Chickenpox virus related to Giant Cell Arteritis: Varicella Zoster Virus

Shingles

Recent news releases state that medical research has now proven that the Varicella Zoster Virus is related to Giant Cell Arteritis. Once the individual becomes infected with the chickenpox virus, it will remain in the body’s nerve cells, dorsal root ganglia, as a dormant virus. It can stay in the dormant phase for many years, even decades, until it is reactivated by several different factors or internal and external cellular stimuli including;
– Secondary Infections

– Emotional Trauma or Stress

– Immoderate Sun Exposure

– Various Illnesses

When the Varicella Zoster Virus is reactivated it can lead to Shingles. It is very uncommon for someone to have more than one episode of shingles, throughout their lifespan, but it is not ruled out completely.

Herpes Zoster

Shingles or Herpes Zoster is normally seen in older adults beginning at the age of fifty. This very painful, blistery, rash is extremely contagious and is most often treated by anti-viral drugs including Acyclovir and Famciclovir, which are available in oral or topical form. Prescribed analgesics may be required to relieve the intense pain associated with Shingles.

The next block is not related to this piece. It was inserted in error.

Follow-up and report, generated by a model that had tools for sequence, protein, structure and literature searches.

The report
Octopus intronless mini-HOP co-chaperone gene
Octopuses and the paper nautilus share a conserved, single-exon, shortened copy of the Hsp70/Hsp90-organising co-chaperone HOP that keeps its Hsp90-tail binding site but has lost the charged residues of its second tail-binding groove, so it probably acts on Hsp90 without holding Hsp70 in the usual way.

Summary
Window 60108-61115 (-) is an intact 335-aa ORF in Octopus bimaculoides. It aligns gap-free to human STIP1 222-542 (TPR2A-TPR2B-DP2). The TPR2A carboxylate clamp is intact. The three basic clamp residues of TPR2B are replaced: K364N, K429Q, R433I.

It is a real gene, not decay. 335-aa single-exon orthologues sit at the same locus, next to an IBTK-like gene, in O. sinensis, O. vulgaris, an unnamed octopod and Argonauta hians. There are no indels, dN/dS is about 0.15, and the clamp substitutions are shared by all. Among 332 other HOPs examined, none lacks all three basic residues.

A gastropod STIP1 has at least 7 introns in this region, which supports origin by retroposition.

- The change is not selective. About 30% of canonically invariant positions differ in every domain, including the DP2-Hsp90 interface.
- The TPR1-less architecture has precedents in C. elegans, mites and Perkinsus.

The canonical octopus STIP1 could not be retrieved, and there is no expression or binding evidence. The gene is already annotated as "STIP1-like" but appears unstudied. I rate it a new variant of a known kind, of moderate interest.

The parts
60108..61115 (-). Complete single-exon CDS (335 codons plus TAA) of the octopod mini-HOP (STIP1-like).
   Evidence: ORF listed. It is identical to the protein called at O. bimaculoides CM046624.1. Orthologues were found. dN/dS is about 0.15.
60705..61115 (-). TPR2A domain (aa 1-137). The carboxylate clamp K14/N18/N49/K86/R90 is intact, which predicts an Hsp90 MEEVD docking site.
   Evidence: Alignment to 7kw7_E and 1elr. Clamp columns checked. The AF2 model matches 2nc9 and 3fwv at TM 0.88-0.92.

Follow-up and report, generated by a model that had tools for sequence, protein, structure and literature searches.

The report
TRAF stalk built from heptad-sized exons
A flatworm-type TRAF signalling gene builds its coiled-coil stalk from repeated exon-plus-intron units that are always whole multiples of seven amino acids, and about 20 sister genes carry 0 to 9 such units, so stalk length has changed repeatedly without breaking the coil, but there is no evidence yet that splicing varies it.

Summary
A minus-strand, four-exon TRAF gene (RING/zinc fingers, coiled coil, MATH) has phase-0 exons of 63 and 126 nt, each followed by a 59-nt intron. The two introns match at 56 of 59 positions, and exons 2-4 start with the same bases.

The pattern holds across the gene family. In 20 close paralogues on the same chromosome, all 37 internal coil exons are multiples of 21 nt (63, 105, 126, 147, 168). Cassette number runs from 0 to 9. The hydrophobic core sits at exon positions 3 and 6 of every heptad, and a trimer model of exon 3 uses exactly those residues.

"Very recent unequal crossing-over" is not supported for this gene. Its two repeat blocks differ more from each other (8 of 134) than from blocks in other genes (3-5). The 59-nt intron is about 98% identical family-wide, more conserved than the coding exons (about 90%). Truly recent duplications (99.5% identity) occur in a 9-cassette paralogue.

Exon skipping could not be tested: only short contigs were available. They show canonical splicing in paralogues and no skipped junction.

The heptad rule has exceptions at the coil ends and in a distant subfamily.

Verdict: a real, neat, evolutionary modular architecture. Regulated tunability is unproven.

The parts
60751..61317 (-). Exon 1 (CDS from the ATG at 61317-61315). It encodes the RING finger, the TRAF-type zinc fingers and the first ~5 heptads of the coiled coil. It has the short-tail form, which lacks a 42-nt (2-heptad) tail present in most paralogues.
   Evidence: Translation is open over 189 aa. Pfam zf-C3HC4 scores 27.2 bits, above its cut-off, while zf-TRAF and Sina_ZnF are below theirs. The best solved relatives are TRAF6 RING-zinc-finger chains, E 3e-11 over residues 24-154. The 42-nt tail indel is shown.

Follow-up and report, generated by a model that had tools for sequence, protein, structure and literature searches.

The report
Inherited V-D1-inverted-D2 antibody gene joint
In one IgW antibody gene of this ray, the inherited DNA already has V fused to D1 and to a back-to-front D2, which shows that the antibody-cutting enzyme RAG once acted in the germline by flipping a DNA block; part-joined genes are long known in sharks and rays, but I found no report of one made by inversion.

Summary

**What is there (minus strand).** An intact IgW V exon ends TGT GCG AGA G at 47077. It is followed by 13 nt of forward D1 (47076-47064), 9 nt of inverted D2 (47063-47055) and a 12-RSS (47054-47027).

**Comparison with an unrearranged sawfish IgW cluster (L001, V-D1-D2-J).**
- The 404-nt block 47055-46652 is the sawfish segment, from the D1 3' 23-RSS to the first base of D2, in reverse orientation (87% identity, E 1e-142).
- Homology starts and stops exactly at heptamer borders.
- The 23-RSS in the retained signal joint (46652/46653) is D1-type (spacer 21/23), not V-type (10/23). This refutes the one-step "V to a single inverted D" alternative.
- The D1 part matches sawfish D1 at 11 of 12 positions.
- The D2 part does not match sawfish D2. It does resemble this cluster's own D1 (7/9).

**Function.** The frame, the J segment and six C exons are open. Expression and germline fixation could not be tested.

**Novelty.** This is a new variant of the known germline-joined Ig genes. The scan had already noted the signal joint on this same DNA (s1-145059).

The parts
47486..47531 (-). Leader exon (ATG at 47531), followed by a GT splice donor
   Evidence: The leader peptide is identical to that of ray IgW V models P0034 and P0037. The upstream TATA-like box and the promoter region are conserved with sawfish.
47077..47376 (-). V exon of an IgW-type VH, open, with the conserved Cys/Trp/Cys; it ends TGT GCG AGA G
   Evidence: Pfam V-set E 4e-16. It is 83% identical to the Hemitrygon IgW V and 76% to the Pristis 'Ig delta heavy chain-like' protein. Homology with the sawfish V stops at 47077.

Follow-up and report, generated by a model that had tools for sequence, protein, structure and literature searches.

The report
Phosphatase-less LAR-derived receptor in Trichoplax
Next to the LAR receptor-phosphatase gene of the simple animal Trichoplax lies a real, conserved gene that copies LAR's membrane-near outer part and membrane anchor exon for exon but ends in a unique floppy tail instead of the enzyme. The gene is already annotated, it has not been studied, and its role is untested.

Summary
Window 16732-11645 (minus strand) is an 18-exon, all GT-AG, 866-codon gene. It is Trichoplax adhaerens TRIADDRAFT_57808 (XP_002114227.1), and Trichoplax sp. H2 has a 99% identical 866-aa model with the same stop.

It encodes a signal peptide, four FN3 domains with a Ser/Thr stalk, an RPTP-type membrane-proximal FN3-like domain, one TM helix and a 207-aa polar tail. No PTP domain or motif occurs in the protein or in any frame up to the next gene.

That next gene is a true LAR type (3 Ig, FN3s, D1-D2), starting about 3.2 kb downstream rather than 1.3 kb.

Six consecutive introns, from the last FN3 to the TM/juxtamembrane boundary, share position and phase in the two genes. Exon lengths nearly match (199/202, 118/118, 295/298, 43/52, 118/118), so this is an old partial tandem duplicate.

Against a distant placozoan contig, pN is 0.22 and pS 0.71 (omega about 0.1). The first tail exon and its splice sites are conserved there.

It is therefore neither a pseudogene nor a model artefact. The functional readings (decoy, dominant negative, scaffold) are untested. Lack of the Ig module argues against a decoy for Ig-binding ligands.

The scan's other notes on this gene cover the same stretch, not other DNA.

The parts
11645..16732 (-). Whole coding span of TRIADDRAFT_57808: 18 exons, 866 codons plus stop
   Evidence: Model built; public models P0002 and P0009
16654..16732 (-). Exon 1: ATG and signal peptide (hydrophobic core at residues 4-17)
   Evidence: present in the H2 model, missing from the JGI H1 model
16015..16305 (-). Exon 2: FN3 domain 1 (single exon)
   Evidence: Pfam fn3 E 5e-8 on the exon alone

New Findings

Medical researchers now believe that the Varicella Zoster Virus is related to Giant Cell Arteritis. After the active phase of Chickenpox has passed, the virus will also lay dormant in the cranial nerve ganglia, when activated the virus will cause inflammation of the arterial blood vessels in the scalp and temples. This can lead to blindness and stroke, if left untreated. Some common symptoms of this infection include;
– Jaw Pain

– Blurred Vision

– Headaches

– Diplopia (Double Vision)

– Fever

Giant Cell Arteritis normally does not occur in someone younger than the age of fifty and is more commonly seen in the elderly, age seventy and older, while being more common in women than men.